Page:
April 22, 2015, by Peter Kirwan

Measure for Measure (Cheek by Jowl) @ The Barbican – live stream

I have already written two reviews of Cheek by Jowl’s Measure for Measure (here and here), but tonight I had an opportunity to see it again, this time in the company’s first ever live broadcast.

Firstly, it’s an extraordinary offering. A prestigious production being broadcast internationally for free online is a bold statement, and canny.  This screening will no doubt have introduced a huge new audience to Cheek by Jowl’s Russian work, even if only insofar as this particular production is only playing in London and Oxford in the UK. It also gives the Russian work a prominence that it richly deserves within the company’s own repertoire, making a statement about the company’s multinational identity.

The screening brought out a great deal. The chance to see Andrei Kuzichev, in particular, close up during Angelo’s self-admissions of his lust for Isabella, was very welcome, bringing out the facial tics and sighs that characterised his restrained performance. The framing of moments such as Pompey’s threatening of the prostitute emphasised the threat and added an almost filmic quality at times, while the frequency of over-the-shoulder perspective shots heightened the atmosphere of surveillance that pervaded the production.

On a third viewing, and notwithstanding my own bias given I’m about to start working intensively on the company’s work, this production only becomes more revelatory. When I saw it at the Barbican I was struck by the dance-like quality of the whole, the fluid movement between locations, between actions, between emotional states. Up close, this time I was stuck by the terror and pain of individuals, particularly of the Duke as he clutched repeatedly at his head, or Claudio fell crouching to the floor, thrashing his sister away from hi in terror at the prospect of death. This is what makes Cheek by Jowl so fascinating to work on – some companies concentrate only on the physical business, others on naturalistic characterisation, but no company in my opinion handles so intelligently the oscillation between the individual experience and the spatial patterning, and wrings so much from both simultaneously.

There were inevitable compromises. Both the sound quality and the effect of the lighting suffered in the broadcast. The sound was less of an issue, the voices simply sounding more distant than they perhaps should, but the muting of the subtle lighting design was disappointing – the contrast, for example, between the top-down, cold lighting of the opening court scene and the harsh, side-on glare which caught the brothels in the headlights was diminished.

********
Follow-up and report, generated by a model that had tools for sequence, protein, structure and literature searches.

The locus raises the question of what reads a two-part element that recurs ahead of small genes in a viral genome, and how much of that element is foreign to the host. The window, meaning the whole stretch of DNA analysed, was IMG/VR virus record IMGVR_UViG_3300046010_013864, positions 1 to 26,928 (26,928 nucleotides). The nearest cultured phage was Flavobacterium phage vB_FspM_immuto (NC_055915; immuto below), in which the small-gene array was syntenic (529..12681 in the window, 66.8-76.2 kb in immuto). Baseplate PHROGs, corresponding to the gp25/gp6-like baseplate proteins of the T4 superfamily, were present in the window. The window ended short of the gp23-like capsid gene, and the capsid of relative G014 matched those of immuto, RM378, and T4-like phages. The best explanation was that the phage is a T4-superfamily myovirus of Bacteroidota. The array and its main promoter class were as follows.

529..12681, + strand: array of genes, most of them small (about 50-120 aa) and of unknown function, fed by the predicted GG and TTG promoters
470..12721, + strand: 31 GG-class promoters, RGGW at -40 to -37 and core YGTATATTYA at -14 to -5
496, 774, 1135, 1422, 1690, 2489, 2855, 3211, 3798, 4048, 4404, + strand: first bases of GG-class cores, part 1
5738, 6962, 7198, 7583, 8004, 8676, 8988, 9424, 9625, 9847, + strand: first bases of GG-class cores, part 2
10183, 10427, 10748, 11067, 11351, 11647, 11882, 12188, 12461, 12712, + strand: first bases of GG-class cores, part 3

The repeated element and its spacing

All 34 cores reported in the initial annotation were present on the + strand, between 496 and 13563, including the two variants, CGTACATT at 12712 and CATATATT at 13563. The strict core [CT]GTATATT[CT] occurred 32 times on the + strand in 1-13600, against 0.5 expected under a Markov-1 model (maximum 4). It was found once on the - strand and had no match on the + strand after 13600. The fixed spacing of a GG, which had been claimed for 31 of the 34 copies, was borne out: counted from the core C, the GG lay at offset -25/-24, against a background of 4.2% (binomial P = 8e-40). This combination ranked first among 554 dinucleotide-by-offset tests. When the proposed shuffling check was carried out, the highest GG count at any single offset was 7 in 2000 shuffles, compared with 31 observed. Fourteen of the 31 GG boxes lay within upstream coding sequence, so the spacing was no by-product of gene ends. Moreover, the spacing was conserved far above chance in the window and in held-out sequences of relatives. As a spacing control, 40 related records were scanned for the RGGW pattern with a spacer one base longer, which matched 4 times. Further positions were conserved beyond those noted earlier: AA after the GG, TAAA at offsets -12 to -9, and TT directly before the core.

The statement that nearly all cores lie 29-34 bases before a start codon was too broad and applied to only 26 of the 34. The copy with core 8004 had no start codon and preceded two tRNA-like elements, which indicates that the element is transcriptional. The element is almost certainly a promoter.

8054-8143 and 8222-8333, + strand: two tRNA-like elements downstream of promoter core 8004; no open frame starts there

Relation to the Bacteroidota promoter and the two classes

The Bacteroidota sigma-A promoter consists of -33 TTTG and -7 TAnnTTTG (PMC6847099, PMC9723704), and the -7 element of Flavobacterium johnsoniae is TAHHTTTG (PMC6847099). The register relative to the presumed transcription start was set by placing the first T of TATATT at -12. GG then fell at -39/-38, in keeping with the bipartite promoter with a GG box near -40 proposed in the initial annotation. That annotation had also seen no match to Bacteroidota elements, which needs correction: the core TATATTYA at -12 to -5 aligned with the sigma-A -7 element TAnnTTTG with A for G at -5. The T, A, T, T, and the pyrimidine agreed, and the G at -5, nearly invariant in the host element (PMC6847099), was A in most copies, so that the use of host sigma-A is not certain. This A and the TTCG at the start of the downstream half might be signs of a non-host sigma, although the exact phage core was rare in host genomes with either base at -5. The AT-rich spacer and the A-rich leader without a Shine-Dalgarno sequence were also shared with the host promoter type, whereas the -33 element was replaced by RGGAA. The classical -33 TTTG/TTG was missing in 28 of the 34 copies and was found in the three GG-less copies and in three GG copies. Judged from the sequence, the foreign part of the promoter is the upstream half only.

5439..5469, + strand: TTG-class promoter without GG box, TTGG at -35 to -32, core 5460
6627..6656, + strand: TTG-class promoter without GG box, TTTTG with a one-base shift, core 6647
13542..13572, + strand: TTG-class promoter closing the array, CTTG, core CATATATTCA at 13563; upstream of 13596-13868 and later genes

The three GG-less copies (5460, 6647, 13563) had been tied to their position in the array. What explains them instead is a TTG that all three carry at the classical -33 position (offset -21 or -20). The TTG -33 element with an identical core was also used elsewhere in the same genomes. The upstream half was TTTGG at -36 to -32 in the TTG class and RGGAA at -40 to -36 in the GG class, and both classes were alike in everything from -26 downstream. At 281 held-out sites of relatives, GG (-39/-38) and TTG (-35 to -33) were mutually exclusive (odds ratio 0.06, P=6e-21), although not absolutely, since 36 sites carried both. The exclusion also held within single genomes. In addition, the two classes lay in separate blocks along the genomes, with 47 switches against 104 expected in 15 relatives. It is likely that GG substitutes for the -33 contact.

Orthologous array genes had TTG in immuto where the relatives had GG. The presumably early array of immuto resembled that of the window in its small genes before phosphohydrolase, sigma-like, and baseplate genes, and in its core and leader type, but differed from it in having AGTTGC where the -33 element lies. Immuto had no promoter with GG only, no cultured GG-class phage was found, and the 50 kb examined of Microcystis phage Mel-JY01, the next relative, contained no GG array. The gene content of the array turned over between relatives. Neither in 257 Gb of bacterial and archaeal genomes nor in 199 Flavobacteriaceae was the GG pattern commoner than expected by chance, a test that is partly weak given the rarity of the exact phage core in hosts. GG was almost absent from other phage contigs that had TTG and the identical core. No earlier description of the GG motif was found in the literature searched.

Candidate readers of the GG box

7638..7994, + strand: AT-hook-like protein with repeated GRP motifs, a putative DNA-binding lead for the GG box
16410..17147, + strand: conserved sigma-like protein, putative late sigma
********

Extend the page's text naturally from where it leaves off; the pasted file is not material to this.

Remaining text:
Perhaps more importantly, the broadcast reinforced to me the importance of being able to see the entire of a Cheek by Jowl production at the same time. With actors performing across such a vast space, and a constant onstage presence by most of the company, the close-ups on individual actors mean that much of the overall sense of blocking and design was lost. One crucial example was that many of the instances of Barnardine holding the Duke in comfort at the back or sides of the stage while other scenes took place were not visible. Much of the unique effect of Cheek by Jowl’s work is generated by the space between bodies; but this requires those bodies to be seen.

But this is to point out the understandable qualitative difference between a free online screening and presence at a live event, and it is remarkable that the cameras managed to capture dynamically so much of the back and forth among the company, the contours of the stage as the cast circled round the edges of the stage, and the interplay between the silent presences. This production, with its wide stage and its large expanses of empty space between actors, places particular demands on a camera crew, and the broadcast wisely chose to make frequent recourse to the most distant camera, keeping constantly in the viewer’s mind the entirety of the blocking. More importantly, the more graphic elements had an undeniable impact in close-up, particularly Angelo’s assault on Isabella.

Finally, in close-up, the quietness had extraordinary effect. I was struck, this time, by the contrast between Isabella and Claudio’s two meetings. The first, extraordinarily violent and  charged, building from sobs and comfort to screams to the beginnings of a sexual assault. The second, Isabella standing, desolate, just outside Claudio’s family unit as he refuses her. Similarly, Barnardine’s first setpiece, exposing the Duke to the horrors of his underworld, contrasted beautifully with the Duke’s gentle shushing of him as he lay, sprawled and screaming in fear of violence, on the floor when brought forward for his final release. Moments such as this benefit enormously from the close-up enabled by cameras, and future events of this kind will go a great way towards opening up fresh aspects of Cheek by Jowl’s work.

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